Sunday, April 25, 2004

What's wrong with this picture?

The Washington Times reports on Los Angeles' massive schoolbuilding program:
The 10-year, $10 billion project, the biggest school-construction program in the nation, is nothing if not ambitious. The LAUSD plans to build 160 schools between 2002 and 2012, as well as expand and update some of its existing 800 facilities.

And yet when the project is officially completed in eight years, it won't be enough. That $10 billion will buy 162,000 seats, but projections are that, by 2012, the district will need an additional 33,700 seats, Mr. McConnell said.
Hmmm, did Angelenos suddenly become abnormally fecund?
Such is the size of the immigration wave into Los Angeles. With the state growing by about 600,000 people per year, virtually all of it from immigration, the school system can't keep pace with the growth.
The district is also trying to place the schools where the students are. More than 70 percent of the district's students are Hispanic, and more than 50 percent are identified as speakers of limited English.
It's sure nice of the taxpayers to give illegal aliens a good education. But not to worry, the education bureaucrats are on the case!
Instead of blaming immigration as the cause of the building woes, school officials point out that the district hadn't built a real school since 1969. They attribute the inaction to the state's stiff school building codes, as well as the prohibitively high cost of land in Los Angeles.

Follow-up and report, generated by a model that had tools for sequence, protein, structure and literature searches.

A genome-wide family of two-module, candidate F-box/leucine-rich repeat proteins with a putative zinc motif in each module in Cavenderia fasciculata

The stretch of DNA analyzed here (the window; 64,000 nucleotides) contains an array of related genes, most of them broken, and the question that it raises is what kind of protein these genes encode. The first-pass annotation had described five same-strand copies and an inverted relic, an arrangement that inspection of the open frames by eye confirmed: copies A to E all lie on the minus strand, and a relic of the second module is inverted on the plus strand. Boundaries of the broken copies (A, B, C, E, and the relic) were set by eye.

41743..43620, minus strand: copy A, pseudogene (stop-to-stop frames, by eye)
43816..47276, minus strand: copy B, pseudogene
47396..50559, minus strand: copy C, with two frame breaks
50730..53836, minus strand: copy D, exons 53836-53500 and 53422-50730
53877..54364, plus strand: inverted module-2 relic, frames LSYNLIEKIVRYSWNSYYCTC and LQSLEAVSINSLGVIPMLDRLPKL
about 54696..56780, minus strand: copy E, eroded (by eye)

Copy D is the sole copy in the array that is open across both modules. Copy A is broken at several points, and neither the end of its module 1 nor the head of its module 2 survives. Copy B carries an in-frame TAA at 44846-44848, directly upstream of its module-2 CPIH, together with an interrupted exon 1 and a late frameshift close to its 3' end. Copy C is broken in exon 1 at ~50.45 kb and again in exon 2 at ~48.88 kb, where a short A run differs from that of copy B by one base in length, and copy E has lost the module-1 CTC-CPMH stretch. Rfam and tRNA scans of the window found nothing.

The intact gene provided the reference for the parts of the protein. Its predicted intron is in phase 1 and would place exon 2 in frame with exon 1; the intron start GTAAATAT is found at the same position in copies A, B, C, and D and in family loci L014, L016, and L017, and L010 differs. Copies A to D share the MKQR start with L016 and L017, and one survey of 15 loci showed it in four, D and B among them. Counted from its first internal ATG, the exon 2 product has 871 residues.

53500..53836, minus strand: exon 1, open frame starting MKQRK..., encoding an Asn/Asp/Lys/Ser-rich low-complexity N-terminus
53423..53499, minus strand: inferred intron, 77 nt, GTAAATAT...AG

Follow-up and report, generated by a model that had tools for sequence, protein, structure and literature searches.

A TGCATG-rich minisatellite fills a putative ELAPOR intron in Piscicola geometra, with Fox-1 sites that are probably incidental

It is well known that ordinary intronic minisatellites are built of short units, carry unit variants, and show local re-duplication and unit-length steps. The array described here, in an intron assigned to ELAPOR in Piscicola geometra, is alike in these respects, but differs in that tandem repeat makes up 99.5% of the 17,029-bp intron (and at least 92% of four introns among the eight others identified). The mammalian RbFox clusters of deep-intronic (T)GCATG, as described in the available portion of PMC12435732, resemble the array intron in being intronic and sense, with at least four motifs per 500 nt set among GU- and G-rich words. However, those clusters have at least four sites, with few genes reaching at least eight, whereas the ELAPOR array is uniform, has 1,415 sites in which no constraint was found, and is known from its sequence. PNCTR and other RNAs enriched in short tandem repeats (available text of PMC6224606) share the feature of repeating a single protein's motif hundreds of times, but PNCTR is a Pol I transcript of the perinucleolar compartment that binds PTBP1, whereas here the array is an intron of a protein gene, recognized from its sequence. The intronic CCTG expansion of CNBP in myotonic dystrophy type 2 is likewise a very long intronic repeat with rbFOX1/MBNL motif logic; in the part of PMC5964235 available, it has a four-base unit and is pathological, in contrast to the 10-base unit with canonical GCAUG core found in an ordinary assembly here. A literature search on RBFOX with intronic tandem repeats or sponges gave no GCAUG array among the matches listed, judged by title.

Puhleeze! If there were no increase in the number of students, no new schools would be needed except for the occasional replacement of older structures.

But if you think that's swell, consider medical services:
Meanwhile, the prognosis for the health care system is increasingly grim. Since 1999, the county has closed six hospitals and nine public clinics owing to financial constraints, said Carol Gunter, director of the Los Angeles County Medical Services Agency.

She cited several reasons, including recent state laws mandating higher nurse-to-patient ratios and requiring hospitals to upgrade their buildings to meet new seismic standards.
Yeah, right.
On top of that, there's the problem of providing for the uninsured who turn up at emergency rooms seeking health care.

The uninsured and underinsured, mainly those on Medi-Cal, account for 30 percent of county residents. For those moving through the trauma system, it's closer to 50 percent. Because federal law requires hospitals to screen and stabilize all patients, "if a patient is uninsured, the hospital eats it," she said.

Private providers are also feeling the squeeze. The health care giant Tenet announced in January that it would sell its 14 Los Angeles-area hospitals and if it doesn't find buyers by December, it will "probably close them," Mrs. Gunter said.

Paying for indigents costs more than $360 million annually, said Tony Bell, chief of staff to Los Angeles County Supervisor Mike Antonovich.

"There are documented cases of people coming from all over the world for free health care," Mr. Bell said. "The taxpayers foot the bill, and then they're losing their own services."
The benighted American taxpapyer takes it in the neck again.